Prices have risen over the past twelve months, with real estate experts predicting the market should get even better in 2013.
It's a well-known fact that what goes up must come down, so it's now wonder that after the historic price highs of 2010, Australia's property market took a big hit in 2012.
The latest figures from property analyst firm RP Data shows on average house prices across our capital cities fell point four per cent last year.More stories from Today Tonight
Melbourne fared the worst, with prices down 2.9 per cent.
Brisbane and Adelaide were both down 0.8 per cent, and Hobart was down 0.1 per cent.
Sydney bucked the trend though, growing 1.5 per cent, while Perth prices climbed 0.8 per cent.
RP Data senior research analyst Cameron Kusher has crunched the numbers, and says the days of watching the price of your home increase year in, year out, are over.
"We've never seen these situations before, and you'd really have to go back to the early 1990s to see similar housing market conditions to what we've seen over the last few years, when we had our last recession," Kusher said.
"I don't think property values are going to grow as quickly over the next ten to fifteen years as they have over the past ten to fifteen years."
Consumer confidence is love, and we're worried about our jobs and the economy. So not even interest rate cuts are enough to spur the market.
According to economist Steve King that's because as a nation we're mortgaged to the hilt.
"We've reached the ceiling and households are now bouncing along at a level of debt that is five times the amount of debt they were carrying back in 1990," King said.
Sydney remains Australia's most expensive city to buy property. The average price of a three to four bedroom home is $656,000 - up from $648,000 in 2010.
But to find a family home at these prices you'll have to go at least twenty kilometres out of the city, to suburbs like Lidcombe, Caringbah and Mount Colah.
In Melbourne, the average home costs $528,000 - down almost $30,000 on 2010 median prices.
But once again, those prices are found in suburbs at least twenty kilometres out of the city - in areas like Clayton, Rowville and Mulgrave.
Brisbane's median house price is $430,000, which has also dropped $30,000 since 2010. However in Brisbane you'll only have to go ten kilometres out of the city, to suburbs like Everton Park, Sunnybank Hills and Caringbah.
Adelaide's median house price is almost on par with Brisbane's, at $429,000. It's dropped about twenty grand since 2010 when median prices were $451,000.
To find those prices you'll need to go about eight kilometres out of the city, to Highbury, Rostrevor and South Plympton.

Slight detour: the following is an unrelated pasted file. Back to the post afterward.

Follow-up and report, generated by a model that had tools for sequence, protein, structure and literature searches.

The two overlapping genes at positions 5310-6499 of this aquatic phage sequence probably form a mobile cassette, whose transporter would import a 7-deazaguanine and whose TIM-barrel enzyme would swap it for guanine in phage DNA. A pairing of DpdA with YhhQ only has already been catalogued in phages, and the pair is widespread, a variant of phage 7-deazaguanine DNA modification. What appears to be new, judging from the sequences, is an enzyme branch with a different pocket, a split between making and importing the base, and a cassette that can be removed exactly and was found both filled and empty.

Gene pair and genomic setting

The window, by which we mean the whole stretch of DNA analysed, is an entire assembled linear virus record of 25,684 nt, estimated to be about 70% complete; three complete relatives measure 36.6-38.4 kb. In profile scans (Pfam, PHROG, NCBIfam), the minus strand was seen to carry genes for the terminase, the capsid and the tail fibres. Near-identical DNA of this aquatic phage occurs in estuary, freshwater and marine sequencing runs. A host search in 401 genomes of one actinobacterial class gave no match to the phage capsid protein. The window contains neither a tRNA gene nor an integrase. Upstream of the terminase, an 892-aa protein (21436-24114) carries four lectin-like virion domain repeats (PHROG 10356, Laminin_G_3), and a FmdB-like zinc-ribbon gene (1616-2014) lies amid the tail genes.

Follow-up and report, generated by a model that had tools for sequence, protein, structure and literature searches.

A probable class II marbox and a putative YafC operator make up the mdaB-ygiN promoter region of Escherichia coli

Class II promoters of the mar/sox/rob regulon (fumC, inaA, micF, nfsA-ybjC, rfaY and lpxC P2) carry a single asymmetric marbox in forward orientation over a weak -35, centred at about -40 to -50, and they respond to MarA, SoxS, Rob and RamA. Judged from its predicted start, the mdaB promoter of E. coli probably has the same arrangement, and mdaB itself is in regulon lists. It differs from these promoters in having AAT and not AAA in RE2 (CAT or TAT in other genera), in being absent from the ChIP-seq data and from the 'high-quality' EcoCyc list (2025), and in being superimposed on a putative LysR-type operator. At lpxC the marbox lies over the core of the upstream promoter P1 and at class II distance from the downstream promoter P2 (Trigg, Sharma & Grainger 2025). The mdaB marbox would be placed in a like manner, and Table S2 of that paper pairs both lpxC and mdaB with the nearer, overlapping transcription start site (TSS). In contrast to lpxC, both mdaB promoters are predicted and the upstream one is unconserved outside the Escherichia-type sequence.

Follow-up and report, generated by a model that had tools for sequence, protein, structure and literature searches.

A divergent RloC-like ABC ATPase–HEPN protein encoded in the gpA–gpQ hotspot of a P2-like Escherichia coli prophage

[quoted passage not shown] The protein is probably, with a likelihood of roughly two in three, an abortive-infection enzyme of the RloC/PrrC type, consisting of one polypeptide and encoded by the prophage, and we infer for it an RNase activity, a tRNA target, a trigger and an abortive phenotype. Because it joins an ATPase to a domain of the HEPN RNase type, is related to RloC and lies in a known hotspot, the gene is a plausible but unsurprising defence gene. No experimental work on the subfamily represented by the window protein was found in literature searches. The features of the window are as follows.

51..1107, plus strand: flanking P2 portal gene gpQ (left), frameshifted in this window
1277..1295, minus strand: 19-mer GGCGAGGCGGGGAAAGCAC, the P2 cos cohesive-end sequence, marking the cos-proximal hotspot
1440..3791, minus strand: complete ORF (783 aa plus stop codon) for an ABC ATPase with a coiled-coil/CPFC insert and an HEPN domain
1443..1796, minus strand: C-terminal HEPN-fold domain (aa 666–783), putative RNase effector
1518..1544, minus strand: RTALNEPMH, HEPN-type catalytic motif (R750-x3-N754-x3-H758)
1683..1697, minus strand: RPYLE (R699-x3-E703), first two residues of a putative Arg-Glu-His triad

With the average home in Hobart costing just $325,000, it is our most affordable capital city. Those prices are down $12,000 since 2010 when average prices were $338,536.
You can find a home for that price around seven kilometres from the city, in suburbs like Bellerive, Lindisfarne and Kingston.
Finally in Perth, the average medium house price is $553,000 - the same as it was in 2010. For that you can live eight kilometres from the city, in suburbs like Joondanna and Yokine.
Home ownership might be the great Australian dream, but when you do the sums there are fewer than 500 suburbs across the country where it's cheaper to buy than rent. Experts say what people should learn from the downturn is owning property doesn't guarantee returns.
Keen's advice is to "hold off." He says "The longer you wait, the more of a deposit you are going to be able to put together, and the more prices will come down in the falling market. The best thing you can do is wait."
Kusher agrees that "people have got time to sit on their hands and potentially get those properties cheaper in six to twelve months' time if they waited it out."
However that does not appear to be the case in Sydney, where high rents and high competition for rental properties continue to drive demand from buyers.
McGrath Estate Agents CEO John McGrath says "Sydney is somewhat the New York of Australia. It seems to be the strongest market, and in times of recover (as we're in right now) it tends to out-perform the rest of Australia."
According to McGrath we're at the tail end of the toughest economic period we've seen for 100 years. He believes 2013 will be a stronger market with mild price growth across the country.
"Real estate should always be seen as a long-term investment, at least with a three to five year window, and right now we're moving into a strong three to five year growth period. So from that perspective I think investing in real estate is really good timing," McGrath said.Contact details
- RP Data - www.rpdata.com
- Australian Property Monitors - www.apm.com.au
- McGrath - www.mcgrath.com.au
- Steve Keen's Debtwatch - www.debtdeflation.com
This reporter is on Twitter at @PippaGardner7